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Godzdogz

The blog of the Dominican student brothers at Blackfriars, Oxford.

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Christological Psalms: Psalm 118: 20-25

Monday, May 08, 2017

Psalm 118 is one of the most frequently recited psalms in the Liturgy of the Hours, being sung on some Sundays either in its entirety at Morning Prayer or at Midday Prayer divided into three. Its association with Sunday, the Day of Resurrection, isn’t surprising, for it speaks throughout of triumph over all kinds of adversities, and of confidence in the salvation offered by God. The verses of the psalm are used in all kinds of liturgical occasions, and both Matthew and John have the crowds shouting, ‘Blessed be he who enters in the name of the Lord,’ (118:26) at Jesus’ triumphal entry into Jerusalem on Palm Sunday.

But the verses, ‘The stone which the builders rejected has become the head of the corner. This is the Lord’s doing; it is marvellous in our eyes’ (118:23-4) are perhaps the most recognisable. Matthew, Mark, and Luke have Jesus quoting this to the scribes and pharisees as he experiences their opposition to His ministry, and the early Church obviously closely associate this text with the world’s rejection of Jesus, leading to his death, but also showing the glory of His resurrection (see Acts 4:11 and 1 Peter 2:7).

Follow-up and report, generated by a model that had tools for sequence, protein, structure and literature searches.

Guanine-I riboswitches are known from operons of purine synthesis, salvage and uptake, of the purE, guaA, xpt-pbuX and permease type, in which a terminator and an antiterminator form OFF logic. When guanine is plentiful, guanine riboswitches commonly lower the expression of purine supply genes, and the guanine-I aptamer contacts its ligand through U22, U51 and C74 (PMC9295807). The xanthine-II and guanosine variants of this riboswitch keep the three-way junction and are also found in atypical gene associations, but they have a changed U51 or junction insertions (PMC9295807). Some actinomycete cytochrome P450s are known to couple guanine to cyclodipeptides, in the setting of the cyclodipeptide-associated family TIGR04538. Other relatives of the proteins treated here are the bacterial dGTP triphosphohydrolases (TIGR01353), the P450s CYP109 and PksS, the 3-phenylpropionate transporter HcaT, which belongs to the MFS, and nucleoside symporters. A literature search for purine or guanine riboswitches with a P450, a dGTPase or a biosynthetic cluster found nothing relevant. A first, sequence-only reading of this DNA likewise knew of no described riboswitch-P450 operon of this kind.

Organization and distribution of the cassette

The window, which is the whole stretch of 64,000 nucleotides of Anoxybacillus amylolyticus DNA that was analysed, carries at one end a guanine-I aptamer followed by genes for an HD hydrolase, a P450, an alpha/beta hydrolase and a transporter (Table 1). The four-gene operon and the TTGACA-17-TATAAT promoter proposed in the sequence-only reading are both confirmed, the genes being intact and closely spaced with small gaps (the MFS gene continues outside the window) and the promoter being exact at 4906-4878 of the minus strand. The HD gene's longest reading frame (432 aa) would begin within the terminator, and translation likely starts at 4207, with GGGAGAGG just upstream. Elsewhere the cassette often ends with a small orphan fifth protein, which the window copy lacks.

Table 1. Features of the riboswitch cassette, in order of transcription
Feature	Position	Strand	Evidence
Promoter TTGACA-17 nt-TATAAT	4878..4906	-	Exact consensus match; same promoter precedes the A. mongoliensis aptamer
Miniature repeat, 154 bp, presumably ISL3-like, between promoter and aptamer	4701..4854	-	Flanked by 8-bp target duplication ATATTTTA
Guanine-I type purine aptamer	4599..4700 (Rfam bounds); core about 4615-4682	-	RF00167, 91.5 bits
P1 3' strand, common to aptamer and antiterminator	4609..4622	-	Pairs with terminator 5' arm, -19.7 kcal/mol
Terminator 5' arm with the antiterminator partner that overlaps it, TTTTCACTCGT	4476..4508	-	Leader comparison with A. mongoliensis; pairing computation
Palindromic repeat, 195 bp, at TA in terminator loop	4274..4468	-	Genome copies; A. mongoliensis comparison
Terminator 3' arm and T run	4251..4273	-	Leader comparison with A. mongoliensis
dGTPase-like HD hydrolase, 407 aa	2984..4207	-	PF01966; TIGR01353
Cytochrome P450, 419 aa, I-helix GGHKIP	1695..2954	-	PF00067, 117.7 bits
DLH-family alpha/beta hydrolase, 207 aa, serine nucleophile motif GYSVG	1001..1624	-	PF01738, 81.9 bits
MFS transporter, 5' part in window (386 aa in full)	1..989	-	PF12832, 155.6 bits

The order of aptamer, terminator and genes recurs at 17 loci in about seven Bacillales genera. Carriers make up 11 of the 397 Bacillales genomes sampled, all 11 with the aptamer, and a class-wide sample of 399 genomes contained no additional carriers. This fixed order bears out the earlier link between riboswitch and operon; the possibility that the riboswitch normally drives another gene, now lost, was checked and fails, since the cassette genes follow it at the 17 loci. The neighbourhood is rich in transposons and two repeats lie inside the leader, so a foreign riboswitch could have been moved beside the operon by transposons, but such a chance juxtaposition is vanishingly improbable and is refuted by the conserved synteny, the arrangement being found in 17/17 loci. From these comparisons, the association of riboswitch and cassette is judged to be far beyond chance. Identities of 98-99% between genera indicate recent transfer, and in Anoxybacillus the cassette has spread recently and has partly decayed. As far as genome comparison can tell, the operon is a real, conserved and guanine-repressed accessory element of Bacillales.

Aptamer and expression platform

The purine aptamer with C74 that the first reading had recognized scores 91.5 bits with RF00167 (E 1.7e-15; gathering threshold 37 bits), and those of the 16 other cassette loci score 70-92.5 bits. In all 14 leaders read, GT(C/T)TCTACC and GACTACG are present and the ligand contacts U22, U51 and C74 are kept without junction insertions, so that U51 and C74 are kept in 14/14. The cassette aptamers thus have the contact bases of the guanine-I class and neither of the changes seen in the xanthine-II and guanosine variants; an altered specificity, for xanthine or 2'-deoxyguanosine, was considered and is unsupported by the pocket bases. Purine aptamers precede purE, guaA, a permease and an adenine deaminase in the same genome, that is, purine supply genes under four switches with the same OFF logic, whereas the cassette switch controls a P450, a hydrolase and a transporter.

But the Psalm also contains within in it echoes of the Old Testament. First the psalmist describes the menace of his enemies encompassing him like bees, and similar language can be found elsewhere. Deuteronomy describes the Amorites as attacking the Israelites like bees (Deuteronomy 1:44), and Isaiah uses similar language to describe the Assyrians (Isaiah 7:18). But here comes the climax, with the psalmist declaring that ‘The Lord is my strength and my song; he has become my salvation’ (118:14), echoing the song of Moses and the people of Israel at the Red Sea: ‘The Lord is my strength and my song, and he has become my salvation; this is my God, and I will praise him, my father's God, and I will exalt him’ (Exodus 15:2).

It is in this climax that the true importance of the psalm shines through. The Lord becomes, for the psalmist, a saviour, just as Jesus, living up to his name, will save mankind from sin (Matthew 1:21). The salvation which God offers in Jesus is rejected by men, but set up by God as the head of the corner. The psalm makes clear that God’s offer of salvation in Jesus is open for all, leaving us to ask ourselves wether we wish to be like the builders who reject the cornerstone, or declare Jesus to be our strength, our song, our salvation.

Br Albert Robertson O.P.


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